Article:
KoDoRiN on LAN vs. online Melee: "I’m glad that tournaments finally 'matter' again, but I wish the negative view of online could change"



John "KoDoRiN" Ko is one of Melee's brightest up-and-coming stars. The 22-year-old Marth main consistently ranks as the best player in Southern California with top 12 finishes at Genesis 8 (9th) and Pound 2022 (5th). 


After being voted in through crowdfunding, KoDoRiN made his third consecutive Smash Summit appearance this past weekend. He made Top 8 in a stacked bracket where he eliminated Joseph "Mango" Marquez in an impressive upset. Inven Global caught up with KoDoRiN during Smash Summit 13 to talk about preparing for the event, netplay vs. offline, and more.

KoDoRiN on Smash Summit 13

Congratulations on making it back to Summit! What was the moment like when you found out you’d been voted in?


It was really exciting. I had been streaming the results for two days. But at the same time, I knew it was inevitable that I’d get in no matter what. So it was nice that I got in earlier than expected.


Were you already preparing for Summit before you were voted in?


Well, I’m always practicing for any tournament so by definition I am practicing for Summit. 


So just another tourney in your eyes?


Yeah, you could say that.


Do you practice for certain character matchups or game plans for opposing players?


I practice based on what my current weak points are, and somewhat the players. I try to prepare for all of them if I can. But what’s more important to me is understanding certain concepts that will help you win, as well as preparing for very specific matchups if I know them in advance.


This is your third consecutive Summit appearance. Tell me some lessons you learned from the previous two that helped you prepare for Smash Summit 13.


Yeah, it is true I’ve been to the last two Summits, huh? Kinda crazy… 


Some of the lessons I’ve learned? Well, energy management is important. Getting in all the practice with the top players is very important. Having a really good night’s sleep is very, very important.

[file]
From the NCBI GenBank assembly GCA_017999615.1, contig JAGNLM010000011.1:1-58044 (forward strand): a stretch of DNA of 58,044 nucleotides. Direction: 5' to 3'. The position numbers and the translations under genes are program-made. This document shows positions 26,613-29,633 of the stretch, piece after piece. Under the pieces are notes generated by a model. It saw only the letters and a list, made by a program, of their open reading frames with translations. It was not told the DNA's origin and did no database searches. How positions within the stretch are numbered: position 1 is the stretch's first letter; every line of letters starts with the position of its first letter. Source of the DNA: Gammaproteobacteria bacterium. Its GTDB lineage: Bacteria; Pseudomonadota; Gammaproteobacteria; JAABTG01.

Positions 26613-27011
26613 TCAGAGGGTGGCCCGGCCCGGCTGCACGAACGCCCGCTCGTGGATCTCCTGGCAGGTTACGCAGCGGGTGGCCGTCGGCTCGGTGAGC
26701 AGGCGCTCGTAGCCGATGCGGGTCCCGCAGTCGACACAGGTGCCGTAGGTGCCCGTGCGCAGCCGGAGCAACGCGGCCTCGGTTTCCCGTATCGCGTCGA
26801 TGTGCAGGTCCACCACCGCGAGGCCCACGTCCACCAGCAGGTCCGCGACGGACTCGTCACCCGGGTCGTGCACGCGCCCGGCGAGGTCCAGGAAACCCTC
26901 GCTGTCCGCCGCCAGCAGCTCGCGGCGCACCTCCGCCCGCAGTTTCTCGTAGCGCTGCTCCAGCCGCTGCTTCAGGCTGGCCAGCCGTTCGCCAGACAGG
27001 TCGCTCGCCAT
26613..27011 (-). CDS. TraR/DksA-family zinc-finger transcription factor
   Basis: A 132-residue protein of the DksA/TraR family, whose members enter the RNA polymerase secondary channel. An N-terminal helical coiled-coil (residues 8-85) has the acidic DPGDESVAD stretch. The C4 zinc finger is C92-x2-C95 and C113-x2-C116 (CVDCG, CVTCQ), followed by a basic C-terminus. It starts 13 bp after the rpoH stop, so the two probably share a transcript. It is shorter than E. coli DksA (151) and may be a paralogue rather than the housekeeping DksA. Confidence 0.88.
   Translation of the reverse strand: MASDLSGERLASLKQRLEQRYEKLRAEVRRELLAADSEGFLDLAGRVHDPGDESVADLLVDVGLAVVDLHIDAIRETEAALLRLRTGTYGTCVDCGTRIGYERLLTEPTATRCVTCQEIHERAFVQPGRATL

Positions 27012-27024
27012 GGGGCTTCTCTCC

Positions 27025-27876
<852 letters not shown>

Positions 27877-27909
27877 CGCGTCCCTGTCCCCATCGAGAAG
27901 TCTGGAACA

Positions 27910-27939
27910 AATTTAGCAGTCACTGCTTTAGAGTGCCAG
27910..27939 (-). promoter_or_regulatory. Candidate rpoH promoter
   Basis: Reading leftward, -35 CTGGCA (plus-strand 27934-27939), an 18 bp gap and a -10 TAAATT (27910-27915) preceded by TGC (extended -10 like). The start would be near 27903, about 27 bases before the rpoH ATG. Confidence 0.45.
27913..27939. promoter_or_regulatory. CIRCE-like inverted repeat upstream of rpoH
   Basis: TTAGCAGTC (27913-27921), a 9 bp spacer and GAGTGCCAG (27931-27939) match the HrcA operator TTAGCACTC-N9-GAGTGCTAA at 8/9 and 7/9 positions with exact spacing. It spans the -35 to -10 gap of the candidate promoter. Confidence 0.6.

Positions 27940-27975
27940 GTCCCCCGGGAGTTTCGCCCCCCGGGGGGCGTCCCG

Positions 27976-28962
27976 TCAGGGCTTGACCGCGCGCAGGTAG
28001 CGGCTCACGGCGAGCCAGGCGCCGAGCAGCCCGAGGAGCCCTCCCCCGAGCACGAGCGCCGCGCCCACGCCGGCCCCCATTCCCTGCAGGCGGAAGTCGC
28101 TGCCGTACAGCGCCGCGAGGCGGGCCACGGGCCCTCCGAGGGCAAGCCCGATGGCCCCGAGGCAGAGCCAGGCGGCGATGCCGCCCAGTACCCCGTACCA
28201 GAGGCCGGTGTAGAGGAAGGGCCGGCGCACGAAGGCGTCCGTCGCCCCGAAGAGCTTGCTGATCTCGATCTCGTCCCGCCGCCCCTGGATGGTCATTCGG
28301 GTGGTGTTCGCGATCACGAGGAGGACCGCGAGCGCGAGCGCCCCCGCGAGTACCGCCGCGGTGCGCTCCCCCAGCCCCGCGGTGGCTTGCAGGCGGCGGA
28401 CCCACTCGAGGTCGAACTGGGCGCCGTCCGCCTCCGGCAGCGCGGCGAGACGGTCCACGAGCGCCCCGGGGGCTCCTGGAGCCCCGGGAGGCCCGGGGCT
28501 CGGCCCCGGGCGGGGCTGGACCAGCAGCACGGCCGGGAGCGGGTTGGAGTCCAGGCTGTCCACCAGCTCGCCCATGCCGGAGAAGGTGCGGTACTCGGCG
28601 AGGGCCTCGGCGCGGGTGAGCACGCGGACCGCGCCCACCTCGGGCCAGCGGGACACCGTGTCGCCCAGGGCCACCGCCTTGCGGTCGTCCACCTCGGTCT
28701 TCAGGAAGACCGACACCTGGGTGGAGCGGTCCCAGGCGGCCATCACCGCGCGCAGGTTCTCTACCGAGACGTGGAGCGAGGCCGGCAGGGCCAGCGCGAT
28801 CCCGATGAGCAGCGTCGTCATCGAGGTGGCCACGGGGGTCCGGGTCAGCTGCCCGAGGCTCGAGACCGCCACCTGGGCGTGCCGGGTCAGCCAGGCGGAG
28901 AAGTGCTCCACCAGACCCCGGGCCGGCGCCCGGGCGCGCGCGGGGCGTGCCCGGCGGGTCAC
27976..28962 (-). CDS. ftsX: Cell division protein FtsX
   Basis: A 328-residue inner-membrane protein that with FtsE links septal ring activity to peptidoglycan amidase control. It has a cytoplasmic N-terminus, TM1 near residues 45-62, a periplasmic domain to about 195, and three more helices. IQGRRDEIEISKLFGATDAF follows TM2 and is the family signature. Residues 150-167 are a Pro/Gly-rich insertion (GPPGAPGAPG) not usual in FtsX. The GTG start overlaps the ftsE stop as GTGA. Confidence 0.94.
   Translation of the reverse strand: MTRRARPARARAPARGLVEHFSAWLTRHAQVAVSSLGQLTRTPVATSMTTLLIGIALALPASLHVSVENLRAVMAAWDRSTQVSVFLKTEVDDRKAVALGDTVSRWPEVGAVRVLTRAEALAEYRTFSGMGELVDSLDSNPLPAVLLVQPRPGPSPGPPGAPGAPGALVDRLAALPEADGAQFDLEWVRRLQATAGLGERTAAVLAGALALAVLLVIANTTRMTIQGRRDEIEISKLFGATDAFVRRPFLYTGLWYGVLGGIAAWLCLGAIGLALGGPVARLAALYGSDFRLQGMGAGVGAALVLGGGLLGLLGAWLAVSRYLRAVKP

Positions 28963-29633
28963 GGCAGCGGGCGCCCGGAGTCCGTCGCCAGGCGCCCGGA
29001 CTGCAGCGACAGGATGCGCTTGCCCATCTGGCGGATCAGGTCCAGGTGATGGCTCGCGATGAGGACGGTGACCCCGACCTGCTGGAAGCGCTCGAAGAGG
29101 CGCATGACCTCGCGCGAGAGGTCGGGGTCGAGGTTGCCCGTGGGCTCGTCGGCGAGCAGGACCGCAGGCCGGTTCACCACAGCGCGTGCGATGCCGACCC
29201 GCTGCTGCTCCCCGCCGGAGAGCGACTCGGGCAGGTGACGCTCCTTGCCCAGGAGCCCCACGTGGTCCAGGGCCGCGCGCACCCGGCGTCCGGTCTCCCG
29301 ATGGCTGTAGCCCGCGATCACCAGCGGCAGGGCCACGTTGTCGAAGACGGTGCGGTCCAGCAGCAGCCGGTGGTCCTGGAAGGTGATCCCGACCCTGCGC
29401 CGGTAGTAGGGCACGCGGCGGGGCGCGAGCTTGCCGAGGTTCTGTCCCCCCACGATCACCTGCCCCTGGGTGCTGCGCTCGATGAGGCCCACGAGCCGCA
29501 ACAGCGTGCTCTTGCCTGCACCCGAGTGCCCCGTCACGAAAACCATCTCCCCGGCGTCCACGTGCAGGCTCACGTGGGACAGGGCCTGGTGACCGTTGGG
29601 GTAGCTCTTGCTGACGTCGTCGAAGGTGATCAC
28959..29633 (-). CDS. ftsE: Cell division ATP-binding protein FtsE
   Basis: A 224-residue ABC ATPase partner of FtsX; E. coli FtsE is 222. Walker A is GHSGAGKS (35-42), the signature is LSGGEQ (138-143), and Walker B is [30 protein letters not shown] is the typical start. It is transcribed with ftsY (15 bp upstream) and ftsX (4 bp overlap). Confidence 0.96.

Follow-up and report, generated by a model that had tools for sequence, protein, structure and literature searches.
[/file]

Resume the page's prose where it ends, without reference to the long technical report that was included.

It’s not really about the environment though, I’d say. It’s less about Summit itself and more so me as a player. What are my current weaknesses? What are some things I need to learn? How can I better apply this during tournaments? Summit is a different environment for sure but it’s not that drastic. It’s still a Melee tournament at the end of the day. So it’s not really that I’m making changes between Summits, I’m just growing as a player.



Who are you most looking forward to playing this weekend and why?


Pretty much all the top players of course. I have Hungrybox in my pool, which is pretty cool because — generally speaking — he’s not as available for friendlies or just won’t try as hard. So I’m happy I have the opportunity to play him in bracket.


I’m also excited to play Leffen. His Sheik’s been looking mad scary against Marth so I’d like to see where I stand in that regard. But really just getting practice vs all the top players – Zain, Plup, Mango. So not really excited for one particular player but more for the opportunity to be around so many greats.


KoDoRiN on Marth and the allure of Melee

What led you to maining Marth over other characters?


I liked how he felt the most. I was juggling between very many characters when I started. When I got to Marth, his wave dash felt like butter. He fit me like a glove perfectly.